Magnetic Resonance Cholangiopancreatography (MRCP)
What is it?
A magnetic resonance cholangiopancreatography (MRCP) is an imaging procedure creating elaborate pictures of the bile ducts, gallbladder, liver, pancreas and pancreatic duct.
What is it for?
An MRCP can help detect gallstones, infection, inflammation or tumors. It is also used to help find the source of abdominal pain.
How to prepare
Since a magnet is used, people with specific types of medical device implants cannot be scanned. You will be asked if you have any kind of medical devices inside your body. These include:
- Artificial heart valves
- Artificial limbs or metal joints
- Cochlear (ear) implants
- Defibrillators, pacemakers
- Infusion ports
- Clips, pins, plates, screws, stents or surgical staples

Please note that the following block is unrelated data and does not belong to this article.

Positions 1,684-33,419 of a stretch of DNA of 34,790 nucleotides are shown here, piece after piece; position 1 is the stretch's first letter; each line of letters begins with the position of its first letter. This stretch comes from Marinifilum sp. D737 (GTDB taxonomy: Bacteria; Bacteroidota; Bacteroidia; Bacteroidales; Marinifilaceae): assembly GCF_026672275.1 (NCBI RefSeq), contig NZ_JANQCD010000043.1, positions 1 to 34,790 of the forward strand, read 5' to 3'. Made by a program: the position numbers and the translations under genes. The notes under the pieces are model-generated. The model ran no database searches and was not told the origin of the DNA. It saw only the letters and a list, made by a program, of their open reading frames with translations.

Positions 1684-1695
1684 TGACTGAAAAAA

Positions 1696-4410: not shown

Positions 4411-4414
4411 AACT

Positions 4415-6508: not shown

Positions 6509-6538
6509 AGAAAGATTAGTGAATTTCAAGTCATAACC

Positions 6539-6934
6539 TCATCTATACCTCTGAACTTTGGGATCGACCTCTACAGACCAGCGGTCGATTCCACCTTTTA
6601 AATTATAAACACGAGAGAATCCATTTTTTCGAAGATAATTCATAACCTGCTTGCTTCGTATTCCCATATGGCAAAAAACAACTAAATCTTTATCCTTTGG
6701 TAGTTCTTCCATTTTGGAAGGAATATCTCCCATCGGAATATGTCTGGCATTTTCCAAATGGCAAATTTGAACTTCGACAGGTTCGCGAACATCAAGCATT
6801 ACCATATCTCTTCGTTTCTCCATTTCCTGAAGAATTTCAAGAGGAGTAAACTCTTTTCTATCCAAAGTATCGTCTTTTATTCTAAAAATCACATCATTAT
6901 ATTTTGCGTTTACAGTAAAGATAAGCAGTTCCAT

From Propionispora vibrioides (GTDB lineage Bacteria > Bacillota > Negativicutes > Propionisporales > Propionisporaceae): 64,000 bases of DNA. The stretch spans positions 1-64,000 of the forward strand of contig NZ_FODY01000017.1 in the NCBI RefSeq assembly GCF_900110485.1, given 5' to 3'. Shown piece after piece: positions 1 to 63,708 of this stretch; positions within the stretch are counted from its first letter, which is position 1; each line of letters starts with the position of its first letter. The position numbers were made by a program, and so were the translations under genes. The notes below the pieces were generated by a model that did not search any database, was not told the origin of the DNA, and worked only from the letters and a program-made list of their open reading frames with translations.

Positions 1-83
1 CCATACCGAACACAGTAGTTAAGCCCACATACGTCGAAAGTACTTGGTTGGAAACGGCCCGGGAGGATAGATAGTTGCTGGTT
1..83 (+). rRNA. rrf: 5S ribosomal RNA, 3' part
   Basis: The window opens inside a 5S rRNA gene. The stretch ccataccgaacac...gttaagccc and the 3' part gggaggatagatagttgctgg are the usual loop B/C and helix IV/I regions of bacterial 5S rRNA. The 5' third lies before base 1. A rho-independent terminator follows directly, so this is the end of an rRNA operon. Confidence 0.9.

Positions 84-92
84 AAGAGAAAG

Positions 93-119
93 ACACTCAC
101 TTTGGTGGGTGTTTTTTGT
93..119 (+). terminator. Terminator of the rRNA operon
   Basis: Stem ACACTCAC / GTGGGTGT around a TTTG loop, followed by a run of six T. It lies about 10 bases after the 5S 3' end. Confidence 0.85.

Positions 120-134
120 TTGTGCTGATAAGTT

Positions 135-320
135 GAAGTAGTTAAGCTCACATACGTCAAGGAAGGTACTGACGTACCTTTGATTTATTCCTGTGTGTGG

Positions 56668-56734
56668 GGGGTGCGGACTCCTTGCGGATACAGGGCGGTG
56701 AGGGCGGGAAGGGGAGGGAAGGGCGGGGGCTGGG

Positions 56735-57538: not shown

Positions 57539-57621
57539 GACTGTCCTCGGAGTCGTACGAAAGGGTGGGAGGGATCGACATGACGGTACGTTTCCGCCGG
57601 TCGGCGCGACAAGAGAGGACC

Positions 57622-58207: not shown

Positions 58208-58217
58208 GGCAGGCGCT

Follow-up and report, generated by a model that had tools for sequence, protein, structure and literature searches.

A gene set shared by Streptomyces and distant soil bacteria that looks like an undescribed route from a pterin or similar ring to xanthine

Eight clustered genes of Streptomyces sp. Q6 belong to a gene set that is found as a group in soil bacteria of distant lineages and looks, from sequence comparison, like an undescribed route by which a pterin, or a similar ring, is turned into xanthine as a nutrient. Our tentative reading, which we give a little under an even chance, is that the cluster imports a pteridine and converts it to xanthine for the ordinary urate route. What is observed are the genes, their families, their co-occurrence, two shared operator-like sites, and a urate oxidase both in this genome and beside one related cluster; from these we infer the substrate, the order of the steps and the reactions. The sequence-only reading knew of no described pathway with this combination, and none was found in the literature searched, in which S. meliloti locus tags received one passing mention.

- Nerve stimulators
Sometimes, you may receive X-rays before an MRCP to detect the presence of any metal devices in your body.
- There is little risk associated with an MRI as the strong magnetic field is not considered harmful
- There is a slight risk of an allergic reaction if contrast material is used
What happens during?
You will lie down on a cot-like table that slides into a scanner. The procedure takes 15 to 40 minutes. You may be given an injection of contrast material (dye) through your veins. The contrast material is used to help see the area of the body scanned. Your body is scanned and the scan is read by a health care provider in an adjoining room observing the scan through a window. You will be able to communicate at all times with the health care provider using an intercom.
What happens after?
Typically, you can leave immediately after the MRCP and can resume normal activities. MRCP results are viewed by a radiologist who will send an analysis to your doctor.
Generally, there are no side effects. Some people have reactions if contrast materials are used.